Second base has been one of those positions that I have targeted early in my fantasy baseball draft in seasons past. The reason behind the strategy is that, like the catcher position, there aren’t many second basemen who can make a difference in winning or losing a fantasy title. If I can get one of the top 2 or 3 best performers behind the plate or at second base, then I feel I have an advantage.
Of course I’ll have to hold my own in the positions with deeper reserves, such as outfielders or starting pitchers, especially when I’m picking later.
That’s why I’ve targeted players like Dustin Pedroia of the Red Sox, Robinson Cano of the Yankees, Ian Kinsler of the Rangers and Chase Utley of the Phillies in recent drafts.
You can cross off Utley from that list this year due to recurring knee injuries that may or may not require surgery. It’s enough to have Manager Charlie Manuel worried. I won’t worry; I’ll just pass.
There are no sure things on the next level, but you can do a lot worse than Richie Weeks of the Brewers, Brandon Phillips of the Reds or Howard Kendrick of the Angels (He’s no longer going by Howie. Can’t say that I blame him).
Although some analysts disagree, I have Weeks, Phillips and Kendrick rated above Ben Zobrist of the Rays, Dustin Ackley of the Mariners and Dan Uggla of the Braves.
A lot of people love Zobrist, but I’m not one of them. I think he’s a nice player, but he doesn’t belong among the first five or even six second basemen taken.
Ackley is still unproven, and I’ve never been a fan of Uggla’s game: too inconsistent, too many strikeouts to balance the power he gives you.
I’m looking for value in this draft, and if I can’t have one of my top 3 players at second base I think I know where to find the next best thing.
The following players are my idea of value outside the top 10 rated second basemen, including their preseason ranking by CBSsports.com and stats from the 2011 season:
Ryan Roberts of the Diamondbacks, No. 13
19 HRs, 65 RBI, .249 BA 18 SB, .768 OPS
Roberts offers an intriguing mixture of speed and power and has made the most of his chances since becoming an everyday player.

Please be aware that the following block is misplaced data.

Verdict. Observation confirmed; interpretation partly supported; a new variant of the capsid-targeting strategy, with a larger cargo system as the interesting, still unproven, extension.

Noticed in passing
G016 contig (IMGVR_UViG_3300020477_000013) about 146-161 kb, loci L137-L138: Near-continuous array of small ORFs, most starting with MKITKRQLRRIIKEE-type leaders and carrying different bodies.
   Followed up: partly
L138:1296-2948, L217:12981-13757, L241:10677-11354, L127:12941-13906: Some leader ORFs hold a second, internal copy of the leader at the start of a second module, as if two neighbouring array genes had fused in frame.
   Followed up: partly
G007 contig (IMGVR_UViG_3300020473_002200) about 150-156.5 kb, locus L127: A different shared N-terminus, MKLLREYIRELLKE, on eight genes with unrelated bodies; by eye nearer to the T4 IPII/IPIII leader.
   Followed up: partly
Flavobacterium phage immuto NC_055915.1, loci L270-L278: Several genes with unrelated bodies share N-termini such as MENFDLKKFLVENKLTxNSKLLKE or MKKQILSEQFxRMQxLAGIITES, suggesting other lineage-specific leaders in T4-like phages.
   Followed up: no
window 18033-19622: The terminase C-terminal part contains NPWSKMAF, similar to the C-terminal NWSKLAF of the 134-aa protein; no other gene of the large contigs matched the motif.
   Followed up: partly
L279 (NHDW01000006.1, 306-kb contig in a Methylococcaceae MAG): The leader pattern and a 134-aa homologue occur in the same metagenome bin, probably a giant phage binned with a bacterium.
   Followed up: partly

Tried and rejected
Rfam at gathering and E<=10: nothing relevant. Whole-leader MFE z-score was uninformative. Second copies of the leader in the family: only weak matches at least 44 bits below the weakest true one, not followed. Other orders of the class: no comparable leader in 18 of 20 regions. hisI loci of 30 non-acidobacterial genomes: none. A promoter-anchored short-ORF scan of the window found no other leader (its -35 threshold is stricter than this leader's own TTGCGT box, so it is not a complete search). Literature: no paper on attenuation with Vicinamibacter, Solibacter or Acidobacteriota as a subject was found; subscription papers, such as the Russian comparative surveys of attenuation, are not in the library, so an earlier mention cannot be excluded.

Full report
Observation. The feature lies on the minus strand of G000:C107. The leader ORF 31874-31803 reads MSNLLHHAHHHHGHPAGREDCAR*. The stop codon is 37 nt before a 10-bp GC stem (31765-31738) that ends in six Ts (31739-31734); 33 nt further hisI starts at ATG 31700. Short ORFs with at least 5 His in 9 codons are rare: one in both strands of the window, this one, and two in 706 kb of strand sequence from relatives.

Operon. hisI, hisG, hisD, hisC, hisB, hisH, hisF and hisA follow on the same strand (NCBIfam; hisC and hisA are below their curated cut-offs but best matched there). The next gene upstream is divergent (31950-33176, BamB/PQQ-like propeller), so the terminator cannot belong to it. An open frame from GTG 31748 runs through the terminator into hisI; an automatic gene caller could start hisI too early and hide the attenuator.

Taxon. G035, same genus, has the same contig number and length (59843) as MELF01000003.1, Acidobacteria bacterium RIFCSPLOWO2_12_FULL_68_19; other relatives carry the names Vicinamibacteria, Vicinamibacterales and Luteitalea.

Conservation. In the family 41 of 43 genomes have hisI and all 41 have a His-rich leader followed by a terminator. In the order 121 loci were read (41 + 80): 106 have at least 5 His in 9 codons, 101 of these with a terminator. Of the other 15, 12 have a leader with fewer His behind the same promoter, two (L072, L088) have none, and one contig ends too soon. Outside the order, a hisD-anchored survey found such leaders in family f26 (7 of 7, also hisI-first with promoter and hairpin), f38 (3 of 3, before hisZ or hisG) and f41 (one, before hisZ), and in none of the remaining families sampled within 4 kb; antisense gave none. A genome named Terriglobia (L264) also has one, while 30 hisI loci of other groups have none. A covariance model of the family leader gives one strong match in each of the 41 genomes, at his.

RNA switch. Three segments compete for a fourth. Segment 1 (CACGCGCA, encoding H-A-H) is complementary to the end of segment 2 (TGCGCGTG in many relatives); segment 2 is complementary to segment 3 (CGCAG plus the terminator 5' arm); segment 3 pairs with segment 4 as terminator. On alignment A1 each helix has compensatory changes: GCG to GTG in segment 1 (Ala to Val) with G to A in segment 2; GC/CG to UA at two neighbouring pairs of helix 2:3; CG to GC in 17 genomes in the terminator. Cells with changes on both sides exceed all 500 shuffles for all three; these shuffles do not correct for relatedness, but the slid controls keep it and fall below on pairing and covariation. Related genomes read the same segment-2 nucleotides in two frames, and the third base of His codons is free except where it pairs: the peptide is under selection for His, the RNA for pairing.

Daniel Murphy of the Mets, No. 19
6 HRs, 49 RBI, .320 BA, 5 SB, .865 OPS
Murphy is getting a chance to play every day and appears recovered from the knee sprain that cut short his 2011 season. He’s a natural hitter. If he’s healthy and plays second well enough to stay on the field, Murphy’s going to be a solid addition to anyone’s lineup. I think Murphy’s time has arrived, coinciding with the Mets’ decision to move in the fences at Citi Field.
Jemile Weeks of the A’s, No. 11
2 HRs, 36 RBI .303 BA 22 SB, .761 OPS
Weeks made the most of his promotion to the majors in June and made second base his own. It’s all upside for Weeks. Grab him if you can.
Keep an eye on: Gordon Beckham can’t be finished, can he? The White Sox drafted him in the first round of the 2008 major league draft, eighth overall, and he was contributing to the big club a year later. He’s coming off two down years, though, and some are wondering if his confidence is beyond repair. Maybe new Manager Robin Ventura can turn him around.
What happened to Danny Espinosa of the Nationals? Espinosa looked like a candidate for Rookie of the Year prior to last year’s All-Star break, but he faded fast in the second half. Still, he’s only 24 and has shown some good pop, decent speed and a good glove. Now, if only he can reduce his strikeouts and bring his average up, the Nationals will really have something. And maybe your fantasy team, too.
This is the fifth of eight fantasy baseball reports concerning best market value for each position. Check back for the next edition: third basemen.